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Main Page - partsregistry.org

Main Page - partsregistry.org
The Registry's Repository The Registry's Repository contains DNA samples for thousands of parts, submitted by iGEM teams and labs. Last year, iGEM teams sent in samples for over 1500 parts. Be sure to add your parts and send samples to the Registry so that they can be made available to the community! The iGEM Registry is a growing collection of genetic parts that can be mixed and matched to build synthetic biology devices and systems. As part of the synthetic biology community's efforts to make biology easier to engineer, it provides a source of genetic parts to iGEM teams and academic labs.

http://partsregistry.org/Main_Page

Related:  Human Species Upgrade?

Carnival Booth: An Algorithm for Defeating the Computer-Assisted Passenger Screening System Carnival Booth: An Algorithm for Defeating the Computer-Assisted Passenger Screening System Samidh Chakrabarti Aaron Strauss 6.806: Law and Ethics on the Electronic Frontier Abstract Lasersaur Lasersaur The Lasersaur is an open source laser cutter. We designed it to fill the need of makers, artist and scientist who wanted a safe and highly-capable machine. Unlike others it comes fully loaded with knowledge to run, maintain, and modify. Since its conception, Nortd Labs and the Lasersaur community has generated knowledge to develop a comprehensive system. We have specifically focused on laser cutting, software, and making the building process repeatable.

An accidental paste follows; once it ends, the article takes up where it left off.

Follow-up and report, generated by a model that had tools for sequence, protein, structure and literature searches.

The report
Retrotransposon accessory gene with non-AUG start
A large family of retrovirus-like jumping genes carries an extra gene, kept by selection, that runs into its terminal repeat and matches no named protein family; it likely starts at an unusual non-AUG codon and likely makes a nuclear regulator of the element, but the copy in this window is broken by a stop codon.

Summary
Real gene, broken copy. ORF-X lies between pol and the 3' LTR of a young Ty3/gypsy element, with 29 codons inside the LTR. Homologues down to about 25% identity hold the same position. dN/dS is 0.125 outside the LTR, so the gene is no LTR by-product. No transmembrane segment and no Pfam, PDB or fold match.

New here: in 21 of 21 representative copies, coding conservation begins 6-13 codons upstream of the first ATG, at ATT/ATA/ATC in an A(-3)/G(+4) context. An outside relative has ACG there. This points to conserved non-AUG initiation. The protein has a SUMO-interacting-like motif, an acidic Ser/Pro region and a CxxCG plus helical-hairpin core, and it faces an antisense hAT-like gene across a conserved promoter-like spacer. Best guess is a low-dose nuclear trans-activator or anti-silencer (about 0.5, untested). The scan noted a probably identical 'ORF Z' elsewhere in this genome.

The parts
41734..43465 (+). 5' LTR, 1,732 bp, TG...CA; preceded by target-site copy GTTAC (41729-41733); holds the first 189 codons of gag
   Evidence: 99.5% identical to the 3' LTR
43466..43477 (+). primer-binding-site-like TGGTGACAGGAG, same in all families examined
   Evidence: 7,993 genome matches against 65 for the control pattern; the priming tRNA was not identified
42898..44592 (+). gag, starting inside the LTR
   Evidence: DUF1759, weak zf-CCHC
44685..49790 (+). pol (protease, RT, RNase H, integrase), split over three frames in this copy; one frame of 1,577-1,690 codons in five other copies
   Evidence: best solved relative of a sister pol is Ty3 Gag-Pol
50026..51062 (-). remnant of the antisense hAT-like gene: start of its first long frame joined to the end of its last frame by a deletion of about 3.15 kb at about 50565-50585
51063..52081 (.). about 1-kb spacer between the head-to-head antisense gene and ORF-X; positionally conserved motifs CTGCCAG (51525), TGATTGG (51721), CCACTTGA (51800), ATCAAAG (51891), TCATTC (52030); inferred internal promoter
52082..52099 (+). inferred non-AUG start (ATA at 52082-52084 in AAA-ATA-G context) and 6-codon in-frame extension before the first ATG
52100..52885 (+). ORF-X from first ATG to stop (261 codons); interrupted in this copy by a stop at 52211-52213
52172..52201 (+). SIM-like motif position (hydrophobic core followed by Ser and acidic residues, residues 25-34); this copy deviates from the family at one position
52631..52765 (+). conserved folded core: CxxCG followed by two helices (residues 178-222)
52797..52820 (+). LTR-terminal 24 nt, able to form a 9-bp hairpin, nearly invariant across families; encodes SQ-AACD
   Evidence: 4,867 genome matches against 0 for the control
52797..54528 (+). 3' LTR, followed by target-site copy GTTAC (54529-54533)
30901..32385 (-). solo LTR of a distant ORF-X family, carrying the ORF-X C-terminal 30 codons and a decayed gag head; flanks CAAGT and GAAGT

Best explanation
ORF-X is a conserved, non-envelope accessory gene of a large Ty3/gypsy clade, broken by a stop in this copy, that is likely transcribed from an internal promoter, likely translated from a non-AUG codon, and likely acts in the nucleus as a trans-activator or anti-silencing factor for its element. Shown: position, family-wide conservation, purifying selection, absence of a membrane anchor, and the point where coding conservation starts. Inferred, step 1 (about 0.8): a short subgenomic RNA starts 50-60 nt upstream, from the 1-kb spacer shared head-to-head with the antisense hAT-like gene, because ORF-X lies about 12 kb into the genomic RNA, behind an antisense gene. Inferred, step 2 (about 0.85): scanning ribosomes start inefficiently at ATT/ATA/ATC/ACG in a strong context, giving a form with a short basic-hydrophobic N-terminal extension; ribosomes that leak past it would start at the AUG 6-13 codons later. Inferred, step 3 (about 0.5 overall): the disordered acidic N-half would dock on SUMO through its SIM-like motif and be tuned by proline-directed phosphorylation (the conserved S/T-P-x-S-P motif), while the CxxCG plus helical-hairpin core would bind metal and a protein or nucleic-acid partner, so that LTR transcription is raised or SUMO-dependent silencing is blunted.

Edge Master Class 2009 THE CURRENT CATALOG OF LIFE By Ed Regis In their futuristic workshops, the masters of the Synthetic Genomics, Craig Venter and George Church, play out their visions of bacteria reprogrammed to turn coal into methane gas and other microbes programmed to create jet fuel 14. August 2009 — John Brockman is a New York City literary agent with a twist: not only does he represent many of the world's top scientists and science writers, he's also founder and head of the Edge Foundation (www.edge.org), devoted to disseminating news of the latest advances in cutting-edge science and technology.

The Boston Shuffler The Carnivore, the Boston Shuffler, the Knife… are some of the names of the algorithms on Wall Street that make up 70% of the operating system of stocks formerly known as known as your pension fund, and portfolio. What Kevin Slavin is talking about is High Frequency Trading/Black Boxes that dominate The Street. Protei >> 2013/04/25, 08:00 : Barcelona, Spain>> 2013/04/18, 08:00 - April 21, 20:00 : Casablanca, Morroco>> 2012/04/06, 08:00 - April 10, 20:00 Tema (Accra), Ghana>> 2013/03/25, 08:00 - March 30, 20:00 : CAPE TOWN, SOUTH AFRICA>> 2013/03/08, 08:00 - March 18, 20:00 : Port Louis, Mauritanie>> 2013/03/06 08:00 - March 11, 20:00 : Cochin, India>> 2013/03/01, 20:00 - Feb 25, 08:00 : Rangoon, Burma>> 2013/02/20, 08:00 - Feb 21, 20:00 : Singapore>> 2013/02/12, 08:00 - February 18, 16:00 : Ho Chi Minh, Vietnam>> 2013/02/07, 08:00 - Feb 8, 20:00 : Hong Kong>> 2013/02/03 : 08:00 - Feb 4, 20:00 : Shanghai, China>> 2013/01/30, 08:00 - Jan 31, 20:00 : Kobe, Japan>> 2013/01/27, 08:00 - Jan 28, 23:00 : Yokohama, Japan >> 2013/01/15, 08:00 - 16, 20:00 : Hilo, Hawaii, USA>> 2013/01/9, 17:00 : departure from San Diego, CA, USA >> 2012/11/29 : TEDxVilaMada "Nosso Planeta Agua" Sao Paolo, Brasil >> 2012/10/18 - 28 : Protei at Lodz Design Festival, Poland. Blog Origin of the name & Biomimicry